“Some of these, such as Clean Air Zones, are generally supported by fleets who are well aware of the need to make their transport activities as environmentally responsible as possible. However, the fact that 19% of fleets believe Government policy is unclear and that large numbers mention both vehicle and personal taxation is certainly frustrating.

Sadlier added that he was unsurprised that the issue of road infrastructure causing congestion had topped the list of challenges.

“When we talk to fleet and mobility managers, there is a general level of concern, not really over the building of new roads, although these are needed in some places, but at the condition of existing ones and the impression that they are not being used to their maximum efficiency.”

He also said that fleet recognition of the challenges arising from the switch to wider fuel diversity, especially widespread use of electric vehicles (EV), was understandable.

“Cars and vans have been almost exclusively powered by combustion engines for more than a century and a fundamental shift to having a relatively high EV penetration into fleets definitely represents a change.

“However, our experience to date is that many of the factors that are perceived as obstacles can be overcome relatively easily with the right approach, and we are supporting many businesses through this transition both in an advisory and practical manner. 

“Generally, fleets that have made the switch to EVs are very positive about the experience.”

Main challenges expected in terms of fleet management in the next five years?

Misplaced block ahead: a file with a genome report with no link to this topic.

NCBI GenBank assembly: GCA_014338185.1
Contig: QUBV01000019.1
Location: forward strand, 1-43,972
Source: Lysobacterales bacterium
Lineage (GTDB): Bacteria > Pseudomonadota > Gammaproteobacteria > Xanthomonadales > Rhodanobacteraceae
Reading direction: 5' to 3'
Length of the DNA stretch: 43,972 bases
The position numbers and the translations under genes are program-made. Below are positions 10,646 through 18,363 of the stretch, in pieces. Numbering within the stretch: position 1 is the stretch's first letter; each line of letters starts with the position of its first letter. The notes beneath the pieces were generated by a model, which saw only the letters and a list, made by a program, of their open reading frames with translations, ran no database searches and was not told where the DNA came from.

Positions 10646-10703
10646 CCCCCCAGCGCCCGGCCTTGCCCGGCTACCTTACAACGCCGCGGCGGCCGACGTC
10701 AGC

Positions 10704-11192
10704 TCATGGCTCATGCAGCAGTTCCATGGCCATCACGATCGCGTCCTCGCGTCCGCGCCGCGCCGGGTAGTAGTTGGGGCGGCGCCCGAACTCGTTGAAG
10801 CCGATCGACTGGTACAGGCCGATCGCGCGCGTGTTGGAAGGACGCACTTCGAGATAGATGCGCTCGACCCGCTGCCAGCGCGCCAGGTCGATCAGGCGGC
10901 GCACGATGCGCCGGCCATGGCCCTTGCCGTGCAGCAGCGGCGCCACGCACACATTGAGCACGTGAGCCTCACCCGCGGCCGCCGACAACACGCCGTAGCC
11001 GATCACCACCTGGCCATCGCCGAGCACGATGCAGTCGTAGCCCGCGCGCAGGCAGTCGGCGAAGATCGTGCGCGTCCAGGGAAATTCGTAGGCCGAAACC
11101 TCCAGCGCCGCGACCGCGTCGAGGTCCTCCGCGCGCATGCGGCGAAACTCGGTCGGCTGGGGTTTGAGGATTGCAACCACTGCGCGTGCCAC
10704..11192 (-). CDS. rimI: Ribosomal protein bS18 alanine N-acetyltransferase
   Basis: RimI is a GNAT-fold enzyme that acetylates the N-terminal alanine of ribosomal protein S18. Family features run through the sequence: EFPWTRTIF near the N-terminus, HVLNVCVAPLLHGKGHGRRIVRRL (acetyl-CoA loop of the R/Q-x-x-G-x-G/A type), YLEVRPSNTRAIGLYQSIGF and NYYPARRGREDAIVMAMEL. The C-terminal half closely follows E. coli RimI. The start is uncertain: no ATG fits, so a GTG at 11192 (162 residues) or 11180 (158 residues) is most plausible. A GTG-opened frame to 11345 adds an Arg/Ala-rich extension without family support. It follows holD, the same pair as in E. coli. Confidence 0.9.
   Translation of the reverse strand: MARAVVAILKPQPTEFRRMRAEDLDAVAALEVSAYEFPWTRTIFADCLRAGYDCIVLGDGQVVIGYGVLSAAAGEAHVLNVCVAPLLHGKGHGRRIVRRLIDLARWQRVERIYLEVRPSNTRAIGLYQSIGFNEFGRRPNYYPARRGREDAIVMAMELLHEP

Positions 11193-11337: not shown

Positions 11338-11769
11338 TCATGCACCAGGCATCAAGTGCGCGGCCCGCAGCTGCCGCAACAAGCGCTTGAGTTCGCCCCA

Lack of road infrastructure causing increased congestion                  49%

Increased vehicle taxation                                                                         30%

Unclear Government policy towards transport                                      19%

Implementation of alternative fuel policies                                             19%

Increased driver personal taxation                                                          16%

Introduction of more Clean Air Zones in urban areas                          16%

Image by John Howard from Pixabay 

Businesses unwilling to give up company cars for mobility solutions

960 640 Stuart O'Brien

Few businesses would be willing to give up their company car and use a mobility solution instead.

That’s according to research from Arval – In response to a question asking whether they would fully or in part give up their vehicle for a range of alternatives, just 7% said they would probably or certainly opt instead for car sharing, 9% for ride sharing, 8% for a mobility budget, 11% for a private lease vehicle and 7% for mid-term rental.